‘Plea for publicity, deserves to face heavy costs’: Delhi HC on petition to remove Kejriwal from CM’s post

Division bench headed by acting chief justice to hear plea on April 10

Arvind Kejriwal (File) Arvind Kejriwal leaves in a car after attending the hearing at a Delhi court | AP

The Delhi High Court referred a plea seeking to remove Aam Aadmi Party leader and Delhi Chief Minister Arvind Kejriwal from the post to a division bench headed by acting chief justice, and said, the petitioner deserves to face heavy costs. 

Hearing a plea by former AAP legislator Sandeep Kumar seeking the removal of Kejriwal from the CM’s post and issuing a quo warranto against him, Justice Subramonium Prasad asked how could a quo warranto writ be issued against the CM. Referring the case to a division bench headed by Acting Chief Justice Manmohan, Justice Prasad observed the plea was filed just for publicity. The division bench had dismissed two similar petitions earlier.

Kumar’s plea sought the issuance of a writ of quo warranto against Kejriwal by calling upon him to show by what authority, qualification and title he is holding the office of the Chief Minister of Delhi, LiveLaw reported. Plea seeks to dislodge Kejriwal from the CM post.

In his petition, Kumar has said that after Kejriwal's arrest by the Enforcement Directorate (ED) in connection with the Delhi excise policy-linked money laundering case, the leader has incurred an "incapacity" to carry out the chief minister's functions under the Constitution.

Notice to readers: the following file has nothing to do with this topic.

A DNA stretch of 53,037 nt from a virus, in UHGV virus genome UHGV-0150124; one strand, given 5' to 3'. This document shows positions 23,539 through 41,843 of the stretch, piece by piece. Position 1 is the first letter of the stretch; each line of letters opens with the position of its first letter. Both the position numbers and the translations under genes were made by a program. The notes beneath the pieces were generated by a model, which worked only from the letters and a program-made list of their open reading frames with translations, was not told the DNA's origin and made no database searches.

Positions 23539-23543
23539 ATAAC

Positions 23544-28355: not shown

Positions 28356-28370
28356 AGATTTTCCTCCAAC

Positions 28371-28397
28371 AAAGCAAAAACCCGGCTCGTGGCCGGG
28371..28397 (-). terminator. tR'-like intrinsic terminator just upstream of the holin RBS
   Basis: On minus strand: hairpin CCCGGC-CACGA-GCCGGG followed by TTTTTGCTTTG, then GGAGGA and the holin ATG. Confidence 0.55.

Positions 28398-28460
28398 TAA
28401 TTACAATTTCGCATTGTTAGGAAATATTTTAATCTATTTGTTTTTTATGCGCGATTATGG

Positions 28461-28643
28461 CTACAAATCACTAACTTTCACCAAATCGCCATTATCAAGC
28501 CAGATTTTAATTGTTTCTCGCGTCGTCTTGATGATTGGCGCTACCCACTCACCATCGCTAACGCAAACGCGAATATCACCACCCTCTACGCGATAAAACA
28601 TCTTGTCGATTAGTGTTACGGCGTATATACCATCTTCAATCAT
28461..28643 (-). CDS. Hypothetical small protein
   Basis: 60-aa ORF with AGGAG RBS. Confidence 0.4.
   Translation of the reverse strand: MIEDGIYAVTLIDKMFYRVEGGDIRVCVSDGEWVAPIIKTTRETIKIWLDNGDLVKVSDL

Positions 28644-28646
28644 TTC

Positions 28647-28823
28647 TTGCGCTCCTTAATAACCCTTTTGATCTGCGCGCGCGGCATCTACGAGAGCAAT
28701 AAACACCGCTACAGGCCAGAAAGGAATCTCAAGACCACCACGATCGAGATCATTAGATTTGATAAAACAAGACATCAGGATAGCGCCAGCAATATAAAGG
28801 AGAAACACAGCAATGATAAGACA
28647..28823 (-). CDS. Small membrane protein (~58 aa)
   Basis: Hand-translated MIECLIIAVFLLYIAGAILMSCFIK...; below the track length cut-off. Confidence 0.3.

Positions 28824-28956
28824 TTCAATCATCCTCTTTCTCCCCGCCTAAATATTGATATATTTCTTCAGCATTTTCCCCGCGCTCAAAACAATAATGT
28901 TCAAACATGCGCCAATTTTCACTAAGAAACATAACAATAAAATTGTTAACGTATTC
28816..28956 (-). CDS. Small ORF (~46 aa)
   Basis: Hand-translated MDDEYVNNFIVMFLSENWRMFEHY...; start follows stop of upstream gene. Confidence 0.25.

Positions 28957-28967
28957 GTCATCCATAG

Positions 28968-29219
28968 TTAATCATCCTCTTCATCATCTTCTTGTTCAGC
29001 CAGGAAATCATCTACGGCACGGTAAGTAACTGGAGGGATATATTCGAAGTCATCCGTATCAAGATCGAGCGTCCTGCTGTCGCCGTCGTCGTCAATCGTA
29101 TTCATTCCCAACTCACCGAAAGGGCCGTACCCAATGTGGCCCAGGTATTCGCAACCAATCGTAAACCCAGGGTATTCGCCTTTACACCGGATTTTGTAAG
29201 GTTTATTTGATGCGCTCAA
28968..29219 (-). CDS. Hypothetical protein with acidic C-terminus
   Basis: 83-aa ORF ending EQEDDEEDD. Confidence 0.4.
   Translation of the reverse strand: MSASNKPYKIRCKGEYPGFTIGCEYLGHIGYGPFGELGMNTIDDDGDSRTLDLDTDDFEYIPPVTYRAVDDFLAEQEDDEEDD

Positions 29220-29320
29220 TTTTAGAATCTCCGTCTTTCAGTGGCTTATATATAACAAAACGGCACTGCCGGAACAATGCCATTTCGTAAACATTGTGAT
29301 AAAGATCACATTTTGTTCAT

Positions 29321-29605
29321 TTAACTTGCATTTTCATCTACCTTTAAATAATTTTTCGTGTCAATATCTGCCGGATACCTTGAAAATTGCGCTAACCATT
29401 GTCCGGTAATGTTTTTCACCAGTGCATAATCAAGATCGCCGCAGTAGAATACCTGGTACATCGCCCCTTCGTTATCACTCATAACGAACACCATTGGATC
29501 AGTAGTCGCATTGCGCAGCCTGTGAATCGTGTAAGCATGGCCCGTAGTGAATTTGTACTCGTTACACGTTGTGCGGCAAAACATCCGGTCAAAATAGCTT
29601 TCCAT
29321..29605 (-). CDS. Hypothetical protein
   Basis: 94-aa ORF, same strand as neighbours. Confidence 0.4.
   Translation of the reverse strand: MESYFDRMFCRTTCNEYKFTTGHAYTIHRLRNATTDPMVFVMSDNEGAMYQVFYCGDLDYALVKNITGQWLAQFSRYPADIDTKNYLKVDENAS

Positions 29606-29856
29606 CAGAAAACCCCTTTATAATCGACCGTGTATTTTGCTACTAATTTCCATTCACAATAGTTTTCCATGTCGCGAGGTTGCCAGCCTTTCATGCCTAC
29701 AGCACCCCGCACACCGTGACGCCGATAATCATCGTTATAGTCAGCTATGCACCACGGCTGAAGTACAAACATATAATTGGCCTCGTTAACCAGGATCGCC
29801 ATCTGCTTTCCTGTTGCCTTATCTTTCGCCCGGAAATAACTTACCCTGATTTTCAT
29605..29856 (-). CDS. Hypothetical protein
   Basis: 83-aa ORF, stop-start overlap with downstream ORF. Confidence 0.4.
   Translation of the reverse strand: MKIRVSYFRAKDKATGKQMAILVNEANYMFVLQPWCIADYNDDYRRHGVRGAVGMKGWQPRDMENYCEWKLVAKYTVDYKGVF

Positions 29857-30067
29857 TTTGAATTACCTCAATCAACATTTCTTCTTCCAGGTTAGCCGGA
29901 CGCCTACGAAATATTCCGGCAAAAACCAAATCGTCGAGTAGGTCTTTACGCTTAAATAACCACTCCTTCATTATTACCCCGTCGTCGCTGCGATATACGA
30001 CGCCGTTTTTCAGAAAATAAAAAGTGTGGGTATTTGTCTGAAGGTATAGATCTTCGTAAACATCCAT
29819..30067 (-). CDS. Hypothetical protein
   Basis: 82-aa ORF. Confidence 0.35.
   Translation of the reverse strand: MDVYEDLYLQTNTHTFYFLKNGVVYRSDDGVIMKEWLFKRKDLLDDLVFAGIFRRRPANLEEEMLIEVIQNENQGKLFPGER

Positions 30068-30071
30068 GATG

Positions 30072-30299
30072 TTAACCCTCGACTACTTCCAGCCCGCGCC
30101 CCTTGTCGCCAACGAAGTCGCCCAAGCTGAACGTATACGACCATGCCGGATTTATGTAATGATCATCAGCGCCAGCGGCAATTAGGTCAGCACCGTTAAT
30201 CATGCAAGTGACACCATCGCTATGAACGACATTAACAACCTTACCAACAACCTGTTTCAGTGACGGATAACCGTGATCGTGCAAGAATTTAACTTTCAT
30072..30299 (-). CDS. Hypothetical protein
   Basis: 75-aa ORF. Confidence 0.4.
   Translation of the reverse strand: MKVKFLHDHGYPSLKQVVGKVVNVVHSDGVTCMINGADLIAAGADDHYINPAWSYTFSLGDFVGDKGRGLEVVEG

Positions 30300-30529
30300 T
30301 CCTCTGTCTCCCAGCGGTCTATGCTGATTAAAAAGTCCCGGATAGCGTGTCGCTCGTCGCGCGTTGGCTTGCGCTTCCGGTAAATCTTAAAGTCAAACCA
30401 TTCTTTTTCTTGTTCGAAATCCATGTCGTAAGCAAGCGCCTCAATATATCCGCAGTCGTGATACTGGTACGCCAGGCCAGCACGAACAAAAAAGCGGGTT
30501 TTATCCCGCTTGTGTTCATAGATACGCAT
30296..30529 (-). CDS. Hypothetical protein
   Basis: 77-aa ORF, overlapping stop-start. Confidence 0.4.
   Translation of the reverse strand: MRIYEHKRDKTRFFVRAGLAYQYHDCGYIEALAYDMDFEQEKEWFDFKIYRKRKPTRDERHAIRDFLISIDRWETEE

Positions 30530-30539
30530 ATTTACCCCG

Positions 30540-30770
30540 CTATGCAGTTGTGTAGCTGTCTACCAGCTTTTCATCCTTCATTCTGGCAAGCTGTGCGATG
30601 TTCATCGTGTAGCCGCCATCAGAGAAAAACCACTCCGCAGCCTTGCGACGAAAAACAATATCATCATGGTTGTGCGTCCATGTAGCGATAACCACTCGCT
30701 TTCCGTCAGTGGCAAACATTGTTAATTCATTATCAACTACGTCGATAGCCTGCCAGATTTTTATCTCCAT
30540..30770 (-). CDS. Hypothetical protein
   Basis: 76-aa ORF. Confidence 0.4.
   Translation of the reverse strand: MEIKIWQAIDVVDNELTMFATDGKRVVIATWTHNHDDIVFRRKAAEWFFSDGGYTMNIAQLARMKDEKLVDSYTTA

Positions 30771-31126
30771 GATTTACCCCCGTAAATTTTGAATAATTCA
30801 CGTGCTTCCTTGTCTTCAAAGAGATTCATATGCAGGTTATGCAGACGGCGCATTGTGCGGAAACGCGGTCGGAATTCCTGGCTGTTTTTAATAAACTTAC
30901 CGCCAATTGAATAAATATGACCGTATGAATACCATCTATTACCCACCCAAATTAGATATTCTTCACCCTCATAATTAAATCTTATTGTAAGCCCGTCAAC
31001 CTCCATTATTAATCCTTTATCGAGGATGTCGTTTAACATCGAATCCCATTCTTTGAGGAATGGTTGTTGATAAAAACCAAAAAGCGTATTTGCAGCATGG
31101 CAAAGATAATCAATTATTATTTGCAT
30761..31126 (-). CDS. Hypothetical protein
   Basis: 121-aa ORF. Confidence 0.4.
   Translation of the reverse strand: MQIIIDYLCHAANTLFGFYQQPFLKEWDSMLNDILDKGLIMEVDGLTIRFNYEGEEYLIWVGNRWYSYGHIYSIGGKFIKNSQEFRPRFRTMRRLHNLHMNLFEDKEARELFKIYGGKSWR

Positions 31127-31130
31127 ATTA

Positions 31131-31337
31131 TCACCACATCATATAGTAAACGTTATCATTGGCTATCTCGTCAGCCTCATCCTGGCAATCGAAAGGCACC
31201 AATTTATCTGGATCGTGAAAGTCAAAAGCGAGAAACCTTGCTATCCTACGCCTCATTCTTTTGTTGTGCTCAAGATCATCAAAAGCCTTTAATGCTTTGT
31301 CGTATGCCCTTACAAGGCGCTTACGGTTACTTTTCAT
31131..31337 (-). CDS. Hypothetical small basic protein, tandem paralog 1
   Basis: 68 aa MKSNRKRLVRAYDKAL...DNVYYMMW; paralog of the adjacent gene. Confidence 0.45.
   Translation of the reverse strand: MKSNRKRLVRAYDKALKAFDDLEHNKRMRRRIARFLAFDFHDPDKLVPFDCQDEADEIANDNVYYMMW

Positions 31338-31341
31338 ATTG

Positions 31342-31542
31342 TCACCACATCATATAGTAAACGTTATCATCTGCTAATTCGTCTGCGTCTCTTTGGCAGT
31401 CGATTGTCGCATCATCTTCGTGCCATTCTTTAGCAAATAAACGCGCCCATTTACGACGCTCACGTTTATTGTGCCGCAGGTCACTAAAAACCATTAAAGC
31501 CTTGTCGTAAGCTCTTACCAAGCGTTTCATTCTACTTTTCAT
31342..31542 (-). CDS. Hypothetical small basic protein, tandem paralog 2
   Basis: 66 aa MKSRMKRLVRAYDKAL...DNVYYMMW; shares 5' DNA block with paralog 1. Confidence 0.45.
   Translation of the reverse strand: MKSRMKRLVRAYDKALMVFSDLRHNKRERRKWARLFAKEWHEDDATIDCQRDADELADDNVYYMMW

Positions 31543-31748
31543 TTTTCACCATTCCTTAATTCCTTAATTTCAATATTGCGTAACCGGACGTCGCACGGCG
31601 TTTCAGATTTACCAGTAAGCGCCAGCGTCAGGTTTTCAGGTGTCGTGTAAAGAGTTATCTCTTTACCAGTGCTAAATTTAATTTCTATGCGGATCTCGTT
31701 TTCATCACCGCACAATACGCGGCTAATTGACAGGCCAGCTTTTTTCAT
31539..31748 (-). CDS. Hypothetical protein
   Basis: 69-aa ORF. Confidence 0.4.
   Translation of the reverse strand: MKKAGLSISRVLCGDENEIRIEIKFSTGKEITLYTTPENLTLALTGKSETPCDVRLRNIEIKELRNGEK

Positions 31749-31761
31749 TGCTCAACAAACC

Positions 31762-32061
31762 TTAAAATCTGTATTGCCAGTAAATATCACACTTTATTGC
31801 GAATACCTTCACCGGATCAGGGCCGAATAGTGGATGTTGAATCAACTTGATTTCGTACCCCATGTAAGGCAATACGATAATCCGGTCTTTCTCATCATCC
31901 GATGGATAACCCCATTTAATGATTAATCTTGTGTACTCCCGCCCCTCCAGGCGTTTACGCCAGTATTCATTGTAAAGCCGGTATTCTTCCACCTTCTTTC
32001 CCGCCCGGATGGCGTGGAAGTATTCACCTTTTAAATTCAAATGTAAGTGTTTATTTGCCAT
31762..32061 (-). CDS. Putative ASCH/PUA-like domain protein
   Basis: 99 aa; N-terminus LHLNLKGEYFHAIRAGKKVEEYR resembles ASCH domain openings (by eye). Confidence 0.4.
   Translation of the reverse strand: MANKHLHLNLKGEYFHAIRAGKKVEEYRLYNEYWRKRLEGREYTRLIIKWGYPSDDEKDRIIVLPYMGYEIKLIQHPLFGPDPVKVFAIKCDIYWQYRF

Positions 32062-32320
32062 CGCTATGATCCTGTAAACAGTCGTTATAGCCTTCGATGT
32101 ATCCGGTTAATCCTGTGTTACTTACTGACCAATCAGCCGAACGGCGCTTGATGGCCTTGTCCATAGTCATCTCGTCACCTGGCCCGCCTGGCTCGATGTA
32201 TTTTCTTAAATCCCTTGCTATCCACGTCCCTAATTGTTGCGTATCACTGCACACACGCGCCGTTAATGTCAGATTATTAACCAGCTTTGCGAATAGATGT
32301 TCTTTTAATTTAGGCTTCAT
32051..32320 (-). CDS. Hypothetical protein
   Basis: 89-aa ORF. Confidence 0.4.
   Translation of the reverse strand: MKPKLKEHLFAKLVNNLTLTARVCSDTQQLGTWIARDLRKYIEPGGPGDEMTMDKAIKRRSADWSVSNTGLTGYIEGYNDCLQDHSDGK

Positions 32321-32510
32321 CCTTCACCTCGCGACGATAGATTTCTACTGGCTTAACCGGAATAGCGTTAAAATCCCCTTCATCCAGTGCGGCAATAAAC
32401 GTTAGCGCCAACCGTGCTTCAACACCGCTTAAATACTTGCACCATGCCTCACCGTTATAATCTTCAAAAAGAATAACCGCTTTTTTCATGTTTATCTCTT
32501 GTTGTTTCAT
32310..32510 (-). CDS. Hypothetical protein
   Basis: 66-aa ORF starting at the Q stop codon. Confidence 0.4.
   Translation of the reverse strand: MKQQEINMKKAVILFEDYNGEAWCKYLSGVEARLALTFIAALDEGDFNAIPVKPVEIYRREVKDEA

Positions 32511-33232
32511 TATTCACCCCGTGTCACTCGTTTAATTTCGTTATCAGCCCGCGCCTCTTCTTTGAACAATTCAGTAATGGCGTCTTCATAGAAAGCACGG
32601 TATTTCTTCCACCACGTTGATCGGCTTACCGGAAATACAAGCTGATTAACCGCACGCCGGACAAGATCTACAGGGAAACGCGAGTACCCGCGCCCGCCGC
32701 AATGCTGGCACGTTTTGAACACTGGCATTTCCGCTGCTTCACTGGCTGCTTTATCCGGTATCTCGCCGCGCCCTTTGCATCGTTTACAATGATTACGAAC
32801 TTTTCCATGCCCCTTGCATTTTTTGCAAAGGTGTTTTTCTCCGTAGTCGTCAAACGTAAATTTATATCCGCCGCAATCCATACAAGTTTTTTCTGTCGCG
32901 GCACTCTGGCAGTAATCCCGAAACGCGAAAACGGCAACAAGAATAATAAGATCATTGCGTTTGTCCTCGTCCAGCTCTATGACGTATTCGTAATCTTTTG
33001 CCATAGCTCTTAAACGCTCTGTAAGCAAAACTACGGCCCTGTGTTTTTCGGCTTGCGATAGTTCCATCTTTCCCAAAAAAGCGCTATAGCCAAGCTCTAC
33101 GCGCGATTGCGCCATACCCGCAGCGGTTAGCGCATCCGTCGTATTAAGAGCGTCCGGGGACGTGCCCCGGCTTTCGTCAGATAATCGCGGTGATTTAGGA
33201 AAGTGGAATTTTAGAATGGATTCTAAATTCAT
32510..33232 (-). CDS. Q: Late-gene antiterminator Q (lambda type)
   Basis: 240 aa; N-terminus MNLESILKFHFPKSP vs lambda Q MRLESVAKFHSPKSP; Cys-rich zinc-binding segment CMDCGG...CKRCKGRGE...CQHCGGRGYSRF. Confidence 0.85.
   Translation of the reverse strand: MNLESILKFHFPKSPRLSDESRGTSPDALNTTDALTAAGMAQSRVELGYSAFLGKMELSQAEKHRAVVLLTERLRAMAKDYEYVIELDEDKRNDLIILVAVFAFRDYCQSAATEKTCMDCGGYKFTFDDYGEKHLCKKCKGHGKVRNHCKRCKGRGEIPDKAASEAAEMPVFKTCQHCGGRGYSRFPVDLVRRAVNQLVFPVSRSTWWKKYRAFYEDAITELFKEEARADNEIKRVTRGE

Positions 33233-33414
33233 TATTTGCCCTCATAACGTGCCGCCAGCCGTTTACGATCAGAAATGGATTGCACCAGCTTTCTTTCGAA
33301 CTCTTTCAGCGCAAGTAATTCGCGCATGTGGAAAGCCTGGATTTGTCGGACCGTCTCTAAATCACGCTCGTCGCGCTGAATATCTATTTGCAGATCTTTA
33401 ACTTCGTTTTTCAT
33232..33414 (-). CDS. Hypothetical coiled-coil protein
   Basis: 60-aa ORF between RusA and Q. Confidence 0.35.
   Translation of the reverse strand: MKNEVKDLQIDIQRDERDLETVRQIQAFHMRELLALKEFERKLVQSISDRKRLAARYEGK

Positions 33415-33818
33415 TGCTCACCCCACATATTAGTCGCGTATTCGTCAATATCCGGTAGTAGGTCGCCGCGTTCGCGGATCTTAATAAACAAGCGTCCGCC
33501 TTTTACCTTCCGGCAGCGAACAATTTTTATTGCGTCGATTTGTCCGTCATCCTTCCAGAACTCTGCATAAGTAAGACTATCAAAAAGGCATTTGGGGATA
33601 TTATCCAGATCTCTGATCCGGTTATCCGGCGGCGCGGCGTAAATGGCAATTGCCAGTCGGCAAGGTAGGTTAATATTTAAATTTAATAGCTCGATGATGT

Kejriwal was arrested by ED on March 21 in a money laundering case registered in connection with the alleged liquor policy scam. The Delhi CM has been remanded till April 15. 

 The high court had earlier rejected two PILs seeking Kejriwal's removal from the chief minister's post. On April 4, a bench of Acting Chief Justice Manmohan and Justice Manmeet P.S. Arora refused to entertain a PIL on the issue, saying it was Kejriwal's personal choice to continue as the chief minister.

 Earlier, the bench had dismissed a similar PIL, observing that the petitioner had failed to show any legal bar that prohibited the arrested chief minister from holding office. It had observed that there was no scope for judicial interference in the matter and that it was for the other organs of the State to look into the issue. 

-with inputs from agencies.

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